Day 9. Tuesday, 14th June, 2016. Keld to Reeth

East Gill Force

The mist had dispersed; the skies were azure; Frith Lodge was breezy and bright. The cooked breakfast was a little different, and came in the form of a Yorkshire crumpet! (A crumpet dowsed in beaten egg before toasting, topped with bacon).

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The Pennine Way passes north-south just outside the gate to Frith Lodge, and so we walked south towards Keld, accompanied for a while by Neil and his border collie, Jess. Unlike the previous evening, the visibility was perfect. At the dramatic East Gill Force, the Pennine Way crosses the C2C, and we were once again on our easterly trajectory.

Within a short time, there was a decision to be made: were we to follow the high road – the Wainwright route, following the ridge north of Swaledale – or the low road – by the river and through the greenery of the dale? We decided to take the high road, as the weather was so good. 

The route took us gently up hill veering north into Swinner Gill at the top of which sat the ruins of an old lead mine. Ahead of us were our old acquaintances, Phil and Dennis, joined for the day by their mate Andrew who had brought his greyhound. We noted that they had turned south on a narrow path following the contours on the other side of the gill. The temptation was to follow, and yet the book, GPS, and compass were urging us to go east, up a precipitous gully in which ran the East Grain stream. There was no clear path, and it did look like a hands-on climb. Julia and I took some time to reach the conclusion that we had to head east, and it proved difficult and at times precarious. At the top was a sentinel signpost; and coming up from behind were the three men and their dog.

The five of us made good progress over Gunnerside Moor before dropping into the eponymous gill.

At Blakethwaite

This was a very atmospheric place with the ruins of the Blakethwaite leadmine flanking the beck. The weather remained pristine, but one couldn’t help but think that life in the mine must have been arduous in the extreme, with a good two mile trudge to Gunnerside at the beginning and end of each day. We started this trudge, heading south on the east side of the gill, before turning east once again for our second steep climb of the day, up the wonderfully named Bunton Hush (hushing was an ancient form of opencast mining involving flooding to remove the grass and topsoil to reveal the veins of lead). By this time, the three Yorkshire lads had forged ahead, and we could just make them out high up this man-made ravine. Getting up the hush involved a great deal of clambering, and use of all four limbs, before we emerged onto what looked like a lunar landscape with the old tips and workings from the mines on the blasted Melbecks Moor.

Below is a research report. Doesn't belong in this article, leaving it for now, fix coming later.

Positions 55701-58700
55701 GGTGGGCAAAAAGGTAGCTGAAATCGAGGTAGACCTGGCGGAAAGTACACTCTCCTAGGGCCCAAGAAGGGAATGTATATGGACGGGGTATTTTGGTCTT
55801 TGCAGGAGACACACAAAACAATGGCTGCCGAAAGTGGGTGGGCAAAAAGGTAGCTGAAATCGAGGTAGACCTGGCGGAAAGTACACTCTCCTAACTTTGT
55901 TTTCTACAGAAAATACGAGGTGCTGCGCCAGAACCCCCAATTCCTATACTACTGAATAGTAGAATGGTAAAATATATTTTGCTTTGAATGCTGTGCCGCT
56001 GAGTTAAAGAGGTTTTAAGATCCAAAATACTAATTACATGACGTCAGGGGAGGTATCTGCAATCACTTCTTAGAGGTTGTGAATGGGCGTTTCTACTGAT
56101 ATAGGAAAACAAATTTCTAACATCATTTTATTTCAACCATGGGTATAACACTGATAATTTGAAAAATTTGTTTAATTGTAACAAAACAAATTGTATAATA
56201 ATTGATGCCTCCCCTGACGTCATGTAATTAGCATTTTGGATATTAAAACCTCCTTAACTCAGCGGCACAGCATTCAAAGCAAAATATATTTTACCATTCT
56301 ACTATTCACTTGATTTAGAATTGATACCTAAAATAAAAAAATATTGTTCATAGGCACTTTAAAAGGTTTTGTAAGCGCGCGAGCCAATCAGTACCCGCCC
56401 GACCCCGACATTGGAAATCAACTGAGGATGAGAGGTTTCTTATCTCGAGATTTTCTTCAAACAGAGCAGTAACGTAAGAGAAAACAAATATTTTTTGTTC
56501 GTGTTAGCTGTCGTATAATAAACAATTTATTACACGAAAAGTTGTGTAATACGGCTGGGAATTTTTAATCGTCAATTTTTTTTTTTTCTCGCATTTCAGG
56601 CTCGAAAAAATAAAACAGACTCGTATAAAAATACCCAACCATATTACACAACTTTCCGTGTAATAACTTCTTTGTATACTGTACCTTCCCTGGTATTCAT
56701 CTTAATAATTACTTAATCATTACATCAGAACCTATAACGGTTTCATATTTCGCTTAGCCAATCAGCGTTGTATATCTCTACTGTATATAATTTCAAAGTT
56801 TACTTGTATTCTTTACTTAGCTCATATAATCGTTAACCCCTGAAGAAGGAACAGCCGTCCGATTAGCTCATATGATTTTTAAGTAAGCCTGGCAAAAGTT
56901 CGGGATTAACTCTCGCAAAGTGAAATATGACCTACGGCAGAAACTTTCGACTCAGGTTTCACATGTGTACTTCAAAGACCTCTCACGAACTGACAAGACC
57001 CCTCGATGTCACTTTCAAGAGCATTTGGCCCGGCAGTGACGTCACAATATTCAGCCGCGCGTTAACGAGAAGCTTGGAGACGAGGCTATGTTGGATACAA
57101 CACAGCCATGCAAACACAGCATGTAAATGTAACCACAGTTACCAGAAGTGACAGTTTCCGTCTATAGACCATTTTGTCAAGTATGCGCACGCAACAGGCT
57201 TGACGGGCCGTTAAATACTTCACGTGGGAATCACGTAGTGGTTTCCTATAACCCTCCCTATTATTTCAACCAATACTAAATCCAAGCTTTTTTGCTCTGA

We had our packed lunches and coffee from our flask, having dropped off the moor into Hard Level Gill. We knew that our afternoon would be gently downhill to Reeth, passing Level House Bridge, the remains of the Old Gang smelting mills, and Surrender Bridge.

As we walked into Reeth, and approached our night’s abode, The Buck Hotel, we were confronted by the sight of many Coast-to-Coasters sitting outside on the inn’s benches, basking in the sunshine, supping beer, and showing off their knobbly knees.   We were familiar with most of these walkers, on “Ow do” terms even if we didn’t know all their names. So we joined them, discussing the finer points of what had been a beautiful Dales day.

The Buck Hotel was very friendly, and served really good food (we partook of their speciality – pizza – that evening). But it also harboured a shabbiness that was beyond endearing. We had the honour of a four poster bed, the frame unadorned by drapes and curtains; it looked like a medieval instrument of torture. The bedside light didn’t work; the water, when filling the bath, produced an unwholesome froth – the detergent obviously hadn’t been rinsed away. I’m definitely getting more fastidious as I get older!

After supper, we went for a stroll around Reeth’s green. The embers of the day gave an iridescent glow; the old stones houses and shops looked bright, warm, inviting. Little did we know that we were in for a few days of dark, glowering skies.

Nearing Reeth

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